Virtueel Platform Research | ARCHIVING THE DIGITAL

Published on January 26th, 2011


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Virtueel Platform takes the online software art repository Runme.org, the internet based-art commissioning and exhibition platform Turbulence.org, and the electronic art preservation research project AktiveArchive as cases for exploring the different ways organisations deal with the preservation of software and internet-based artworks. The main question we raised was: how does the structure of an arts organisation relate to the issues it faces, and the possible strategies and solutions it uses when attempting to deal with the preservation and archiving of software and internet-based art?

ARCHIVING THE DIGITAL

Annet Dekker with Rachel Somers-Miles, edited by Rachel Feuchtwang
Amsterdam: Virtueel Platform, 2011

CONTENT

1. Runme.org
• Historical background
• Concept
• Website: the repository, an alternative anti-institutional framework
• Maintenance
• Finances
• Archival approach
• Documentation
• Conclusion

2. Turbulence
• Historical background
• Concept
• Website: submission policy and contractual agreements
• Maintenance
• Finances
• Archival approach
• Selection and documentation
• Conclusion

3. Aktive Archive
• Historical background
• Concept
• Method
• Finances
• Archival approach
• Selection and documentation
• Conclusion
• Postcript

4. Conclusions Archiving the Digital
• Concept
• Method
• Funding
• Organisational structure
• Challenges

5. References & Bibliography

INTRODUCTION

Many arts projects and organisations are facing the challenge of having to procure the longevity of their digital collections. Upcoming preservation initiatives are important sites of investigation, as they both raise questions and offer possible strategies or solutions through which other initiatives can learn.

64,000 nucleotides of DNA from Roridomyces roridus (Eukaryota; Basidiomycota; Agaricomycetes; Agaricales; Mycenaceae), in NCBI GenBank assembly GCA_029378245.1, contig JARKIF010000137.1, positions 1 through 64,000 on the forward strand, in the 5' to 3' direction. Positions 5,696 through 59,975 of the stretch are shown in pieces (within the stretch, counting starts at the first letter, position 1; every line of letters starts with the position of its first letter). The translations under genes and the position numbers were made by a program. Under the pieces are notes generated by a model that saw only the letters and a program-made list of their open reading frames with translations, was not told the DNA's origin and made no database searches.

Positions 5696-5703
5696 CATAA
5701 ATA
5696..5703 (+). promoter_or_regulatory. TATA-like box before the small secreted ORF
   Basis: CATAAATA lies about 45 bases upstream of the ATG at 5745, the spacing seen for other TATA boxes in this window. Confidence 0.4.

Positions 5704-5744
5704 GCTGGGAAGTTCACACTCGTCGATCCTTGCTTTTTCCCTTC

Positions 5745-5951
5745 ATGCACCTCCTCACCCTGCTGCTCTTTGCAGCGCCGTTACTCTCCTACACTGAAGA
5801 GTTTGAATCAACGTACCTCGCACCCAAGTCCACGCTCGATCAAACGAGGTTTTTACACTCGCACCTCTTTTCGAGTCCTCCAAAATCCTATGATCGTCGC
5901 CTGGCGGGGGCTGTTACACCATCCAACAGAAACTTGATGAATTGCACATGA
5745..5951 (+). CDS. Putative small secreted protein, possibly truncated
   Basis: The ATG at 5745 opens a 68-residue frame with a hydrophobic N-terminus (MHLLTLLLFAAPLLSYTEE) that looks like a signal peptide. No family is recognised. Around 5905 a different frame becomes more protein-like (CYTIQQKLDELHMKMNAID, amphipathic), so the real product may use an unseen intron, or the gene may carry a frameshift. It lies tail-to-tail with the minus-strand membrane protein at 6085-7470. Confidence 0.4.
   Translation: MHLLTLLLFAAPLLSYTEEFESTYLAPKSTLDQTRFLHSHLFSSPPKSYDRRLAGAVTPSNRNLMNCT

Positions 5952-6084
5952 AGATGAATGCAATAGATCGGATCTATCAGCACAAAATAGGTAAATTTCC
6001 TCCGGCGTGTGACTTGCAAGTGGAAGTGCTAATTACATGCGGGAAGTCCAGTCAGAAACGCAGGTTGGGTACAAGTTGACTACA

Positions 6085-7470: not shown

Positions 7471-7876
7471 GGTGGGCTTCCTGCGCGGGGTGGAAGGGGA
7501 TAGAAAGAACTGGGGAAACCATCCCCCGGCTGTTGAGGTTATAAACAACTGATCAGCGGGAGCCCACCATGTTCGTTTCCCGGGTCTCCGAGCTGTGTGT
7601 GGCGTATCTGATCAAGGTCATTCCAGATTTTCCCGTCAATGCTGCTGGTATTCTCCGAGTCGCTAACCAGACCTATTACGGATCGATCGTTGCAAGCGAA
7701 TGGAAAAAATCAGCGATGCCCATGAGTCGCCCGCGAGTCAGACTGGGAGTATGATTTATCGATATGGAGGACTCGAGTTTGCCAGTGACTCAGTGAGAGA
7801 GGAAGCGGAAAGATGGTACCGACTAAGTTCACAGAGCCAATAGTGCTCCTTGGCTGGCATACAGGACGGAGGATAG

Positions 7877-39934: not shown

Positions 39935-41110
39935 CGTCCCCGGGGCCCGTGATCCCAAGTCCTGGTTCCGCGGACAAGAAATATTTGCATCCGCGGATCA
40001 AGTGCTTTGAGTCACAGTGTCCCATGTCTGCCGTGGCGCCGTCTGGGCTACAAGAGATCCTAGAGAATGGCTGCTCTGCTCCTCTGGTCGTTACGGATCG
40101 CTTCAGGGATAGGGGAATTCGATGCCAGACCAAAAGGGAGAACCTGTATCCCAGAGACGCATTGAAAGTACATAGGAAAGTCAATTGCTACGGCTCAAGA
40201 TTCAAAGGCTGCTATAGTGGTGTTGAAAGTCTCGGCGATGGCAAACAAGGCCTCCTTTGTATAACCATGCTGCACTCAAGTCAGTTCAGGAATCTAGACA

In May 2009 Virtueel Platform organised Archive 2020, an expert meeting that focused on the longevity and sustainability of born digital content produced by cultural organisations or practitioners.1] The term ‘born digital’ refers to “digital materials that are not intended to have an analogue equivalent, either as the originating source or as a result of conversion to analogue form”. 2] The aim of the expert meeting was to examine existing examples of these types of archives and determine which issues need to be addressed if we are to champion their growth in the short and long term. Representatives from international museums, organisations and artists’ initiatives convened in Amsterdam in May 2009 for a frank dialogue regarding the current state of born digital archives. The meeting provided a unique opportunity for major collecting institutes and small artists’ archives to reconsider the ways in which archives of born digital cultural content are created, managed, disseminated and preserved. This meeting of professionals and peers was foremost an inventory of the challenges associated with born digital archives. In this sense, the meeting was notable for the forum it provided for sharing and comparing experiences and priorities. One of the outcomes was the need for a shared knowledgebase that would provide examples of case studies, for example to examine existing archives and how they function, as well as publish examples of best practices and unsuccessful strategies.3] In an attempt to foster such a learning process Virtueel Platform decided to examine three organisations that are dealing with born digital content.